Wilmer Mills was a poet deeply rooted in the rural Protestant culture of the Plains, an area located between St. Francisville and Baton Rouge.
Wilmer Hastings Mills was a poet with deep roots in the rural Protestant culture of the Plains, an area located between St. Francisville and Baton Rouge. Mills found joy in his heritage and family and published widely on several major subjects. In earlier poems, these subjects include lonely souls he calls “orphans,” farm life in Louisiana, and leaving home for college in Tennessee. Later poems are about his marriage and children, life in the modern world, and the relationship among time, eternity, and poetry, especially poetry’s unique power to link together through metaphors all the things of this world. Mills’s verse won recognition from his peers both for his mastery of the poet’s craft and for the depth of his thoughts and emotions. His poems have earned Mills a permanent place among Louisiana writers.
Life, Works, and Honors
Born on October 1, 1969, in Baton Rouge, Mills was raised on his family’s farm in nearby Zachary until the age of three. Writers and artists as well as farmers, members of the Mills family have worked that land since the late eighteenth century and are related to Jim Bowie, Elemore Morgan Sr., and Elemore Morgan Jr. In 1972 Mills, along with his brother and his two sisters, moved to Brazil with his parents. There, his mother and father served as agricultural missionaries of the Presbyterian Church. These years spent living in a rural, almost pre-modern world with few amenities left a deep impression on Mills, who grew up speaking Portuguese as well as English.
After his family’s return to Louisiana in 1980, Mills attended public school in Zachary and then became a high-school boarder at the McCallie School in Chattanooga until his graduation in 1988. In 1992 Mills earned a BA in English from the University of the South in Sewanee, Tennessee, where he won the Bain-Swiggett poetry prize three years in a row. An MA from the School of Theology at Sewanee followed in 2005. It should also be noted that Mills was an accomplished wood worker, bread baker, painter, basket weaver, songwriter, and singer as well as poet.
Mills’s poetry appeared in many major national journals including The Hudson Review, Poetry,The Sewanee Review, and The Southern Review. Two chapbooks of Mills’s earlier verse were printed as Song and Testimony (1994) and Right as Rain (1999). In 2002 Story Line Press published Mills’s widely acclaimed first full-length collection, Light for the Orphans.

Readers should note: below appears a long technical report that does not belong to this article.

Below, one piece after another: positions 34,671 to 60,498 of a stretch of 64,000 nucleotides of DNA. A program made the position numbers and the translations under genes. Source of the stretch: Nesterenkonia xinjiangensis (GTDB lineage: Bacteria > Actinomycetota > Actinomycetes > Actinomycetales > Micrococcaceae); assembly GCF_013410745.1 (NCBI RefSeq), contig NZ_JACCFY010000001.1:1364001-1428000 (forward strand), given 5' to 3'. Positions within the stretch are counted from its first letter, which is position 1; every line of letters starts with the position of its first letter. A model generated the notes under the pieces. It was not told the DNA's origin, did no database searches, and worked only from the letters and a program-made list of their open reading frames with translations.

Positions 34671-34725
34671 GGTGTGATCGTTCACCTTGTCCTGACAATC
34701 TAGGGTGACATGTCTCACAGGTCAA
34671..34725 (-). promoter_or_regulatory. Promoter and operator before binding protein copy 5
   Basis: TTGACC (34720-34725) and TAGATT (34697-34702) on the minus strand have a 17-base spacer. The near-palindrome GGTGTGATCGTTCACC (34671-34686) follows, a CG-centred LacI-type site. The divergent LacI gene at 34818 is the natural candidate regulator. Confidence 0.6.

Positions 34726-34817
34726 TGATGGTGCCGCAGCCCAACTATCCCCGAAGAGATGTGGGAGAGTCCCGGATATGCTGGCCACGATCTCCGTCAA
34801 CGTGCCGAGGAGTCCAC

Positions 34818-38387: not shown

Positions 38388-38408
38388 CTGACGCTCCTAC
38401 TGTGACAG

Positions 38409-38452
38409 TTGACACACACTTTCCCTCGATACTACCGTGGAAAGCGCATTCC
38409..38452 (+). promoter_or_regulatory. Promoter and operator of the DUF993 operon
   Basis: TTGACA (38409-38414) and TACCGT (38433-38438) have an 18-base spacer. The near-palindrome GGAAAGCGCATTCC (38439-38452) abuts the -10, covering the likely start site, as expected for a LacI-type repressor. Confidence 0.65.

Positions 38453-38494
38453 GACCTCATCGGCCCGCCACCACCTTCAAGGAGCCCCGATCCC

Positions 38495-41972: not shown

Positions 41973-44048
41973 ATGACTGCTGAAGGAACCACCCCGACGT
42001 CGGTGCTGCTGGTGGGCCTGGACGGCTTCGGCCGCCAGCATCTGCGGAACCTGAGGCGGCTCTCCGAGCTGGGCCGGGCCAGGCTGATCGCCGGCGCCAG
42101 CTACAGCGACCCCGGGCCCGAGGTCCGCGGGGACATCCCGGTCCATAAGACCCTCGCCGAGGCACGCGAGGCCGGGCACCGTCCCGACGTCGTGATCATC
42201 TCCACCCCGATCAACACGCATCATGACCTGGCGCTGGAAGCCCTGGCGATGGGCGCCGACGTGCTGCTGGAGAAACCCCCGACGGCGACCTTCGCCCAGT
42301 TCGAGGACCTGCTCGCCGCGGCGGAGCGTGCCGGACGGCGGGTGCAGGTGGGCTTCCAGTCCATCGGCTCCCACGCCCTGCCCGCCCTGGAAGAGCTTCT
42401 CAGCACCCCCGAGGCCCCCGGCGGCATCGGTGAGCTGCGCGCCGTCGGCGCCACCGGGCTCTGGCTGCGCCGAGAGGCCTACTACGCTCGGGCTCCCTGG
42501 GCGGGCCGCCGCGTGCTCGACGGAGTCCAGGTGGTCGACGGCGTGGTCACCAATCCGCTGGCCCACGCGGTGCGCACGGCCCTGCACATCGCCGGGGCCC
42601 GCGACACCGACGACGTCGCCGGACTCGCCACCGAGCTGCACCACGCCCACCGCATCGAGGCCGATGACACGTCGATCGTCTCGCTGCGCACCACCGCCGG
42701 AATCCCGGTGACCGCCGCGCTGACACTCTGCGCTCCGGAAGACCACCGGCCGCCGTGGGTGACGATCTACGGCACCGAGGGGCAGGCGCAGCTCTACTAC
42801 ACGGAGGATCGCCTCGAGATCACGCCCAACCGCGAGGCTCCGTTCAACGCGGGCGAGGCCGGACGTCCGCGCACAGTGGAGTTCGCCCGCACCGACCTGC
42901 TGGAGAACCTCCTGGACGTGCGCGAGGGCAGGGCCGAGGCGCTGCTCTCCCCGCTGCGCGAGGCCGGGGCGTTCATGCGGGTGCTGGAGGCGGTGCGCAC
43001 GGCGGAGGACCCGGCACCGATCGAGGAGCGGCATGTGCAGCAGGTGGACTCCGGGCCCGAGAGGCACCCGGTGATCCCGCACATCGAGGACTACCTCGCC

Mills had completed several versions of a new collection of verse when he was diagnosed with liver cancer in May 2011. A few weeks later, when further medical treatment held out little hope, Mills asked to be taken from Tennessee to his family’s farm in Zachary. He said, “I want to go home before I go home.” He died at home on July 25, 2011, at the age of forty-one. Mills’s Selected Poems was published posthumously in 2013. Other works remain to be collected and brought into print.
Mills’s earlier poetry is mainly of two kinds: narrative and meditative. The narrative poems are spoken by ordinary people he calls “orphans,” people who have been forgotten, neglected, misunderstood, or maltreated yet who are also heroic in their suffering, even defiantly joyful, and who have attained a tragic dignity. The meditative verse is often about first growing up on a farm in Louisiana and then leaving it for Tennessee—with Mills himself an orphan, of the farm now as of Brazil earlier. The variety of Mills’s orphans is remarkable: a castrato, a steeplejack, a school bus driver, the wife of a one-armed piano tuner, a shoeshine man who never speaks, and others. Poems about the family farm in Louisiana or his years in Tennessee tell stories of plowing, cutting hay, and life in a dilapidated house he entirely rebuilt for his wife and children.
One earlier poem celebrating the harmony of farm life is set in his mother’s kitchen: “So here we listen for the household sounds / Of home: ice water pouring from a jar, / Forks, knives, the flour sifter’s rhythmic rounds. / Each tone recalls our childhood’s symphony / Of clanks and bangs that softened into notes / We later learned to read. The melody / Our mother hums this morning swells and floats / Across the room, and after breakfast, when / We go our different ways, she rests, then starts / Her kitchen-orchestrations all again / With movements we come home to learn by heart” (“Morning Song”).